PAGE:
Scarcely less interesting than the Passion plates, is the series of twenty wood-cuts representing the "Life of the Virgin." The female figures in these cuts--especially those of the Virgin--are very quaint, but they are nearly all very beautiful, and, like the representations of Christ to which we have referred, they are even more suggestive than the more graceful performances of artists who were Durer's superiors in technique. There is a peculiar charm about all of Durer's Madonnas. Take, for example, the beautiful little print of "The Holy Virgin Crowned by an Angel,"--No. 14 of the Catalogue. Here the artist has taken for a model a plump, round-faced, blue-eyed, flaxen-haired little Nuremberg damsel, "A creature not too bright or good/ For human nature's daily food;" but he has contrived to express in the bright, happy face a virginal purity that is as lovely in its way as the awe and wonderment of the Italian peasant girl balancing herself on the clouds, amidst a choir of cherubim, between Pope Sixtus and Saint Barbara, in Raphael's "Sistine Madonna." [Pp. 18-19 (supp.).]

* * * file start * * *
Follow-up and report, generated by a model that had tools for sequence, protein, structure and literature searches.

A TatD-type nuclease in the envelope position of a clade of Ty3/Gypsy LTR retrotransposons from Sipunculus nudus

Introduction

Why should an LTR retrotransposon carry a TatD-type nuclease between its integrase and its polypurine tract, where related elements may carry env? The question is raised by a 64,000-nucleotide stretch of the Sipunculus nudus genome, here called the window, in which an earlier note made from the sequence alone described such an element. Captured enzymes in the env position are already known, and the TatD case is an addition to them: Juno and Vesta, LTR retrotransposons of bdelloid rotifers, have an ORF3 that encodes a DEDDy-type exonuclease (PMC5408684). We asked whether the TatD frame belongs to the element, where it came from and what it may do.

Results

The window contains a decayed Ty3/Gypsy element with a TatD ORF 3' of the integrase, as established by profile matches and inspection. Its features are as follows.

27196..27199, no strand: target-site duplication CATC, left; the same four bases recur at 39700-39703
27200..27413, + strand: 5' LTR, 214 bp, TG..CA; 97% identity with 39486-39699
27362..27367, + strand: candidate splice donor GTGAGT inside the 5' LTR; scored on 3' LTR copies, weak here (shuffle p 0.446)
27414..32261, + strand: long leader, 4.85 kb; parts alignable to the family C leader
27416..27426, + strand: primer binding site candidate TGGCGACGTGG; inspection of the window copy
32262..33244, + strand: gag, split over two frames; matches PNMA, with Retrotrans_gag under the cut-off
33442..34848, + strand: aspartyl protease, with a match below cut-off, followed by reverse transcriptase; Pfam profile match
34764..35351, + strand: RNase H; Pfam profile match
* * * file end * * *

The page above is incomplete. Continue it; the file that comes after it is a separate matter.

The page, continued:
Exhibition of Engravings, Etchings & Mezzotints, held under the Auspices and for the Benefit of the Pennsylvania Academy of the Fine Arts, in the building adjoining their new structure, Broad Street, above Arch, Philadelphia, Dec. 1874. Philadelphia: Henry B. Ashmead, Book and Job Printer, Nos. 1102 and 1104 Sansom Street. 1874. (and) Exhibition of Prints (Claghorn Collection) under the Auspices of the Pennsylvania Academy of Fine Arts. Critical Notices by William J. Clark, Jr., reprinted from "the Evening Telegraph" of Philadelphia; with the opening address delivered by W.S. Baker. Philadelphia: Rue & Jones, Book and Job Printers. Nos. 106 and 108 South Third Street. 1875.